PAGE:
If you stopped reading my quote, I’m not surprised. I have a basic understand of biology, but here Ehrenreich is asking the reader to follow along with a basic understanding of quantum physics, which I haven’t studied, nor do I recall learning about in physics class back in 12th grade. Who is the audience, I ask? Perhaps the author had faith that her readers would take her interpretation of Shermer’s quote (“which is far beyond tiny”) as is, and I understand that she’s basically saying that quantum theories can’t be applied to happiness because our bodies are too big (for what, I’m not sure), but I do know that I don’t like guessing at what an author means.

After her exploration of quantum physics and Calvanism, Ehrenreich discusses mega-churches. Here, I was engaged again. The thing I like best about Barbara Ehrenreich’s work is that she doesn’t only research her topic, she gets in there—good old-fashioned investigative journalism. So, there she is, in the mega-church, a place I find ridiculous for its distant relationship to church, a point Ehrenreich gets to. Mega-churches don’t have crosses or steeples or communion. They’re often set up in old warehouses, staff hundreds of people, and break out feel-good guitar music. The “pastor” isn’t necessarily a religious person, but rather a spiritual peddler. There is no requirement of seminary school or Bible study or anything, other than how to SELL. Selling happiness is what it’s about. The author brings in some bemusing and amusing claims from religious leaders of mega-churches, such as the “pastor’s” wife who didn’t have money for a plane ticket and prayed (or yelled at?) God to make that plane ticket ready when she got to the airport or else. The plane ticket is an example of the “laws of attraction” principle that positive thinkers apply to happiness. If you want it hard enough, if you think about it excessively, the thing you want (money, job, love, etc.) will know you’re putting your vibe out there and come to you. Ehrenreich isn’t poking fun at the woman; in fact, the author is always a bit distant, a requirement for a good journalist whose job is to deliver information, not distort it with personal bias.

At the end of this 235-page piece, Ehrenreich really hits her point home by looking at contemporary America, including how businesses bring in positive-thinking coaches and buy positive-thinking books for each of their employees, amounting to hundreds of books for some companies, causing works like Who Moved My Cheese? to hit the bestseller list. The funny thing is I remember my mom’s boss giving everyone Who Moved My Cheese? and reading it myself. Such books convince readers that being fired is just a “new opportunity” and that anger or sadness for losing a job is “whining.” We’ve shamed ourselves into being happy, essentially, and also made ourselves more careless:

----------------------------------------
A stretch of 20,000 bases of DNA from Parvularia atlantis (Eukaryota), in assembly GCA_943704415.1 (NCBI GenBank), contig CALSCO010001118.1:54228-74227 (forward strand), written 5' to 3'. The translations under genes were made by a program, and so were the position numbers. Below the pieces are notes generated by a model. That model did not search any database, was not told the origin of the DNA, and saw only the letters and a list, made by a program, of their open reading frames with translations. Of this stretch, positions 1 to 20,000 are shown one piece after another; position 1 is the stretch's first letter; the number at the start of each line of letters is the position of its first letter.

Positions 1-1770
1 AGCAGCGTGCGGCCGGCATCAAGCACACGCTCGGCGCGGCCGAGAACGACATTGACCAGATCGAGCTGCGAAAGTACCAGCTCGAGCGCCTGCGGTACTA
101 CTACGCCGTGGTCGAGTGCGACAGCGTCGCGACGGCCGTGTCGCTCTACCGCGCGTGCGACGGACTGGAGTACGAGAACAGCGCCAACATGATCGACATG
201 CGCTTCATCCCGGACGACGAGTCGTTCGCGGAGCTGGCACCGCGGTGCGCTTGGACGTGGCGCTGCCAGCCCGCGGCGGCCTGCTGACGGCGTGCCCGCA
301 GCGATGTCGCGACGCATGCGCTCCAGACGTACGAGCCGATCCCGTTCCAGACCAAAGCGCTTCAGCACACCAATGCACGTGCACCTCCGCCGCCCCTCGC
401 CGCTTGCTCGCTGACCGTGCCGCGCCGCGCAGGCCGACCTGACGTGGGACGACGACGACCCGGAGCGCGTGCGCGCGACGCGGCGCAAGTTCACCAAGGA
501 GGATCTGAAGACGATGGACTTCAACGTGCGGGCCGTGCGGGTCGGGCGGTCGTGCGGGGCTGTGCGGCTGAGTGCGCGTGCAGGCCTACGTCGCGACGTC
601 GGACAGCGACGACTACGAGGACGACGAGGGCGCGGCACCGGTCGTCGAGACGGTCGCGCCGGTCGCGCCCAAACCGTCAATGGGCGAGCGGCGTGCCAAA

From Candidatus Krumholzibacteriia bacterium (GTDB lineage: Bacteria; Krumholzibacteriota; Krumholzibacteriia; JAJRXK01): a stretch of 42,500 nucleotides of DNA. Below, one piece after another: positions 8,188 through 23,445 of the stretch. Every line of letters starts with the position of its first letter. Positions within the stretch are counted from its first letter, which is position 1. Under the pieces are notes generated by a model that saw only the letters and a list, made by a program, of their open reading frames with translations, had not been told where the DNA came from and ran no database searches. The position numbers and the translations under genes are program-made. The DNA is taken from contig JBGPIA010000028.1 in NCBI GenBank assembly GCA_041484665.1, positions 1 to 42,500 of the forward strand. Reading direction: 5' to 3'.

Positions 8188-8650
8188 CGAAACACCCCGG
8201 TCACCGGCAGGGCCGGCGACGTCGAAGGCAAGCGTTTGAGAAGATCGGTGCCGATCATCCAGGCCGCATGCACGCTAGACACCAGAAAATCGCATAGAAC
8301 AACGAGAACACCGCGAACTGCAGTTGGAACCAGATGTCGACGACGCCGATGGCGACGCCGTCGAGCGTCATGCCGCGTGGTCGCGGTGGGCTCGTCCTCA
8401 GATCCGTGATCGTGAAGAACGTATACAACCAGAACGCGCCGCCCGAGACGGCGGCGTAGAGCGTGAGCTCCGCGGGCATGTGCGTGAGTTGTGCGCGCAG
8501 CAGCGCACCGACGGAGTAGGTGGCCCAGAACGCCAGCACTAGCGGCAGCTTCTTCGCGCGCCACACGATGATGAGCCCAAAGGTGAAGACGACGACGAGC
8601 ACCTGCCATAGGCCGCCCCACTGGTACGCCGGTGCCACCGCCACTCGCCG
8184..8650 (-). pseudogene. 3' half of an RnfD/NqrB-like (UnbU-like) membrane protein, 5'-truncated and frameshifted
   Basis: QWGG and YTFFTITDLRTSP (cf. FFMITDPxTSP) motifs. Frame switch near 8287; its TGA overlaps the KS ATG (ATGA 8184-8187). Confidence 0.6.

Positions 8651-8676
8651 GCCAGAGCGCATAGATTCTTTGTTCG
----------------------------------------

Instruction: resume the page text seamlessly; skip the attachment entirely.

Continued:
Robert Reich once observed, a bit ambivalently, that “American optimism carries over into our economy, which is one reason why we’ve always been a nation of inventors and tinkerers, of innovators and experimenters….Optimism also explains why we spend so much and save so little….Our willingness to go deep into debt and keep spending is intimately related to our optimism.”

Again, Ehrenriech uses a source to support her claims that the desire to be happy all the time is weakening our country. In fact, she has 16 pages of end notes, for which I am impressed. When I look at my course textbook, essays are published without so much as a citation, for a reason unknown to me, but I do know that giving credit to sources bolsters Ehrenreich’s credibility and demonstrates the huge amount of research that went into the topic.

Lastly, the author looks at the flip side of the argument: if we shouldn’t be happy, are we supposed to be sad? No, the author argues. While these are polar emotions, they are not the only ones. Diligence is what keeps us from making stupid decisions. Notice how animals are always on alert, the author notes, and that if danger presents itself, animals in a group sound the alarm. The goal is to “see things as they are.” She notes the emphasis in college on critical thinking, which involves asking questions to get to the truth of things, and I can verify that lessons on critical thinking are in every Composition textbook I see. While I appreciated Ehrenreich’s response to how people should be, I wanted to see more of her sources. Mostly, she offers brief examples, such as how pilots don’t “hope” they can land the plane, and that politicians don’t cross their fingers to win an election; they work hard to make the reality they most desire happen. It’s in this final chapter that the author pulls way back on studies and anecdotes and hopes—maybe just a little—that her readers agree with reality as a better option than blind happiness.

*This book was procured from my public library. I have no personal nor professional relationship with the author.